BOTTOMLESS BELLY BUTTON

BOTTOMLESS BELLY BUTTON
Written and Drawn by Dash Shaw
Published by
Fantagraphics

After 40 years of marriage, David and Maggie Loony have decided to get a divorce. Baffled, hurt, and confused, their three grown children head home to the family beach house for one final family gathering. The eldest son, Dennis, is obsessed with determining why his parents have decided to call it quits, intrusively sticking himself into their emotional state at the cost of his own. Claire, the middle child, is surprisingly reasonable about the announcement focusing more on raising her daughter and respecting her parents’ feelings. And Peter, the youngest… well, no one seems to quite know what to do with Peter or what he feels. He’s always been a socially maladjusted outcast, and adulthood has only worsened that trend. Back together under one roof, old pains flare up, secrets get bandied about, and emotional torment is served daily for breakfast, lunch, and dinner.

You aren’t going to have a more uncomfortable reading experience this year than BOTTOMLESS BELLY BUTTON. The raw emotion that Shaw puts on the page, and the intrusive way he peels back the layers on his characters is striking and hurtful. You feel like you are living each gutwrenching moment with these people, and it does not feel good. Oh, no, it does not. But it isn’t meant to.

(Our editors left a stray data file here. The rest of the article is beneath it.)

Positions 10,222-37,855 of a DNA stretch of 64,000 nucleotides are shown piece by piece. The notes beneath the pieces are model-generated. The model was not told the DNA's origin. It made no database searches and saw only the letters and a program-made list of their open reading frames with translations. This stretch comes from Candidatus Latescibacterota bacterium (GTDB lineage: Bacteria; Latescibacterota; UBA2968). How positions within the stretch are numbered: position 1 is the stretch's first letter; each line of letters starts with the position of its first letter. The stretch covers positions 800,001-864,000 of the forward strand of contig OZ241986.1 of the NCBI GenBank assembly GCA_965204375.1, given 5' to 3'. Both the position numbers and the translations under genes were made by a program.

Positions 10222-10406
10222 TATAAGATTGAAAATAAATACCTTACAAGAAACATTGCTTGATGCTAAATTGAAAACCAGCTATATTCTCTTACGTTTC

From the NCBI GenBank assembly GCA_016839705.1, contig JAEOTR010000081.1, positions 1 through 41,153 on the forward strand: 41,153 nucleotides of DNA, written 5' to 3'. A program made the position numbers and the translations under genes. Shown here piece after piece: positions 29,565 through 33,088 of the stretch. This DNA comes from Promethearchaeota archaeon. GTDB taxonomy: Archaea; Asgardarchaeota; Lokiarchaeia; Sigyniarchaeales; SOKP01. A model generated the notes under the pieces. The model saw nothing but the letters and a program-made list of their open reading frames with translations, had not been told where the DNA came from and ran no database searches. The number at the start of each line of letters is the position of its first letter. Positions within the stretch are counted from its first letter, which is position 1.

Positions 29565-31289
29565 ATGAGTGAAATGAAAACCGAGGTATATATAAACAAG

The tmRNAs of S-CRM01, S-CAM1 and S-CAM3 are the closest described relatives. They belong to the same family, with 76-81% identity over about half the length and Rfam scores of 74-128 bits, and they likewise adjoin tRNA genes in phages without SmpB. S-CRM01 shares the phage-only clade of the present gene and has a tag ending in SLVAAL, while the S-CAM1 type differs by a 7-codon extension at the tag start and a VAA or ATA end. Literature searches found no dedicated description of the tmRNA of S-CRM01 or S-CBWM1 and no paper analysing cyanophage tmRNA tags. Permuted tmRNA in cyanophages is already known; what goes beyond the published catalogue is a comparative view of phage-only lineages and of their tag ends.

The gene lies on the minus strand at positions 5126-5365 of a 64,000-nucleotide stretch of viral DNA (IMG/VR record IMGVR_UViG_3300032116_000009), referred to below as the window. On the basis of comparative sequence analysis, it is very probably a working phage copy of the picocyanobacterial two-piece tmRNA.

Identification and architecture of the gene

Instead, it’s meant to be disturbing and affecting, and goddamn does Shaw score on that point. Too many family sagas send the reader off on a comfortable cloud of easy answers and warm moments. Shaw’s story is about keeping the honesty built in to how people react to one another, especially those that are related. Watching Peter fumble through what is obviously his first real “adult” relationship is so extraordinarily disconcerting to read that I kept turning my head away from the book, hoping the pages would magically turn themselves so I didn’t have to read it.

I said you wouldn’t have a more uncomfortable reading experience this year than this book, but on the flip side of that, you also may not read a better graphic novel this year, period. None of what I have written above should be taken as discouragement; rather, these are the reasons to pick up this major work by a major talent. At 700+ pages, this is the very definition of what the word “novel” means as part of “graphic novel.” Recommended as highly as possible.

Marc Mason